El Presidente‘s new “stimulus package” and the Democratic roll-over version of same is theoretically meant to stimulate the economy by giving money to people who really need it and will spend it on basic necessities to keep the economy humming. These are the people who haven’t seen a raise in 25 years or have been out of work, yes? Well, no, not exactly.
On Jan. 24, House leaders and the White House announced a preliminary deal that included stipends for all workers and breaks for business, but no money for extended unemployment or food-stamp assistance and no mention of permanent tax changes.
So who’s getting this bail out besides the banks? Guess what George W Bush’s idea of a “needy” consumer who deserves aid might be. Yup, you guessed it: the near-rich.
Elizabeth and Ben Kilgore are back in the real estate market. All it took was a little-publicized section of the economic stimulus package President Bush signed into law last week that lowered the borrowing cost of buying a more expensive home.
[I]f the limit on loans backed by a government-backed housing finance entity like Fannie Mae is raised from $417,000 to the full $729,750 she has been hearing about, Ms. Kilgore said, “we will be able to get a 30-year fixed mortgage for less than what we’re paying now plus our homeowner’s dues.”
Mr George “Silver-Spoon” Bush is less concerned with the people about to lose their homes (he’s offered virtually nothing to help them) than he is with making sure the well-off don’t have to scrimp and that they get a good deal on that Big New McMansion they’ve got their eye on. God forbid they should get stuck with a (yecch!) condo. *shudder*
Three years ago, when they bought their first home, they resigned themselves to buying a condominium because it meant taking out a mortgage they knew they could manage.
“This will push us into a price range that’s now financially possible,” said Ms. Kilgore, a real estate agent in Marin County.
Yay! The Kilgores are now Republican for life. Screw the rest of the country. THEY GOT THEIRS! Eyes on the prize, people.
The temporary change in the loan limits is not about to revive the housing market on its own. But in some of the higher-priced regions of the country that have been hit hardest by the flagging real estate market, it could make a big difference. For if anything is going to breathe new life into the local housing economy in places like the San Francisco Bay Area, San Diego, Washington and Boston, it is home buyers emboldened by the prospect of larger loans at lower interest rates.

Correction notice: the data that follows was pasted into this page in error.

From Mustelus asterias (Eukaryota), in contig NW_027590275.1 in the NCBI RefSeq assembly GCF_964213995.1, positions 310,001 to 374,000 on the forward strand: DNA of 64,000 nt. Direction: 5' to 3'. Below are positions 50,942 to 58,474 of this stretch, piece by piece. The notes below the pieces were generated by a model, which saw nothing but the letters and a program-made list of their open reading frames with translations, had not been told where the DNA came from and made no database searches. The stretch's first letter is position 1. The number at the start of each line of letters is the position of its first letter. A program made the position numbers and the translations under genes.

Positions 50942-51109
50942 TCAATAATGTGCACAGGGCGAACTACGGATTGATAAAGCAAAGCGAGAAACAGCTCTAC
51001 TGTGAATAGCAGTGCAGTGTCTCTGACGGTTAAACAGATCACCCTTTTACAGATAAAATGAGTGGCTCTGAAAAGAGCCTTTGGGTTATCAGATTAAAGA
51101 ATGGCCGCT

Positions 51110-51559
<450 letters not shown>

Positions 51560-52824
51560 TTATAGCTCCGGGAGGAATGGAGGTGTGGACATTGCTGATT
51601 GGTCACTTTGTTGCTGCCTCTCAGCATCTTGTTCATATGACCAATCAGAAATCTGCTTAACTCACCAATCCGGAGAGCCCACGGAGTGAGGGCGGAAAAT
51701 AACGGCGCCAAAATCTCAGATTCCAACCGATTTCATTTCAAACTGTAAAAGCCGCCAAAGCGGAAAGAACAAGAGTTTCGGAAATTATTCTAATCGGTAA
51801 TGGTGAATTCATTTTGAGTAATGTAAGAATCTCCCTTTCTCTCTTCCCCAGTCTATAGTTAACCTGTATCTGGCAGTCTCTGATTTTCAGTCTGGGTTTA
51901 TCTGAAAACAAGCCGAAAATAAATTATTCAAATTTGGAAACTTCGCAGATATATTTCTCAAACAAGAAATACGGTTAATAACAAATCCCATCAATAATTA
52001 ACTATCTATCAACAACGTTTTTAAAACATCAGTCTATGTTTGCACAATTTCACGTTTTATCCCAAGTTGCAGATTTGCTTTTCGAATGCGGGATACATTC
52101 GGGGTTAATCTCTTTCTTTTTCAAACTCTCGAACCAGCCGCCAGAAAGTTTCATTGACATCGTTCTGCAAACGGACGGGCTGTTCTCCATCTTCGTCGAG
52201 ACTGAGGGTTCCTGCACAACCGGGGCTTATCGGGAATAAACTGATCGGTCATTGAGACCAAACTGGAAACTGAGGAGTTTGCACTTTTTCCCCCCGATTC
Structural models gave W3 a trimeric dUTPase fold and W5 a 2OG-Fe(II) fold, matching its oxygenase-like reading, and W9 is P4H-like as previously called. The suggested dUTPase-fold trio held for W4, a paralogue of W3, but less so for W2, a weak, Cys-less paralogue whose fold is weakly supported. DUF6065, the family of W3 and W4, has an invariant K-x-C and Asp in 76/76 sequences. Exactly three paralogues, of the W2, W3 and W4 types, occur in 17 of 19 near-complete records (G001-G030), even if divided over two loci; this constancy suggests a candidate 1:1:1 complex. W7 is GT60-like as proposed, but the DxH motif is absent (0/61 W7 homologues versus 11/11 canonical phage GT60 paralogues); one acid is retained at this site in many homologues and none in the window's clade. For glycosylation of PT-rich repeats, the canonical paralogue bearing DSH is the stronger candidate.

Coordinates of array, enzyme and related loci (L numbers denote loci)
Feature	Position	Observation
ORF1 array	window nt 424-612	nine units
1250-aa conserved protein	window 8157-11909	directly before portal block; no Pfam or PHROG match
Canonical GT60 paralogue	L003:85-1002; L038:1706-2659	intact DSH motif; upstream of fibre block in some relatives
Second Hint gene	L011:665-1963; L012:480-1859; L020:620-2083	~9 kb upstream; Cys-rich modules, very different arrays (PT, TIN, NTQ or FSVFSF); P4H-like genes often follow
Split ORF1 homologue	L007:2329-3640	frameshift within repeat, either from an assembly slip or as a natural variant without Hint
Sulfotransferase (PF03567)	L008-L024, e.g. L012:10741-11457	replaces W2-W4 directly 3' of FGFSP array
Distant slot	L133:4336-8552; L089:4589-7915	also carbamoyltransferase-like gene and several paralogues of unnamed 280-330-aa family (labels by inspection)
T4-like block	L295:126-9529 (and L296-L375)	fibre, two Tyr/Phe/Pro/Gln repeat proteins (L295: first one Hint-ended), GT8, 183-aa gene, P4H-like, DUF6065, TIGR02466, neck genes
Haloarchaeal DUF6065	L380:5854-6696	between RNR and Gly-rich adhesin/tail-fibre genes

There you go. Things are so bad the upscale markets are starting to weaken, and what does Silver Spoon key on? Hint: NOT the people on marginal incomes who got royally reamed by real estate scam artists and the banks who expected to make fortunes on their predatory practices. No sir. No relief for them. And no relief for housing markets in areas where they’re imploding because wages are low (the South, for instance). No no. We’re only concerned about the “flagging real estate market” in “higher-priced regions”.
Priorities, people. Priorities.
Daniel Billett, a mortgage broker in Seattle, where homes in the downtown area sell for a median price of around $400,000, said that he, like dozens of people he knows, is poised to refinance an existing jumbo loan at a lower interest rate.
“As soon as the loan limits are implemented and lenders are accepting applications. I’ll be the first in line,” said Mr. Billett, whose company, Response Mortgage Services, has been receiving a steady stream of inquiries from clients in recent weeks. “I’m going to save hundreds, and I mean hundreds, of dollars every month on my current jumbo loan, by switching to a conventional loan.”
That’s who Silver Spoon cares about. Not you. Are we clear?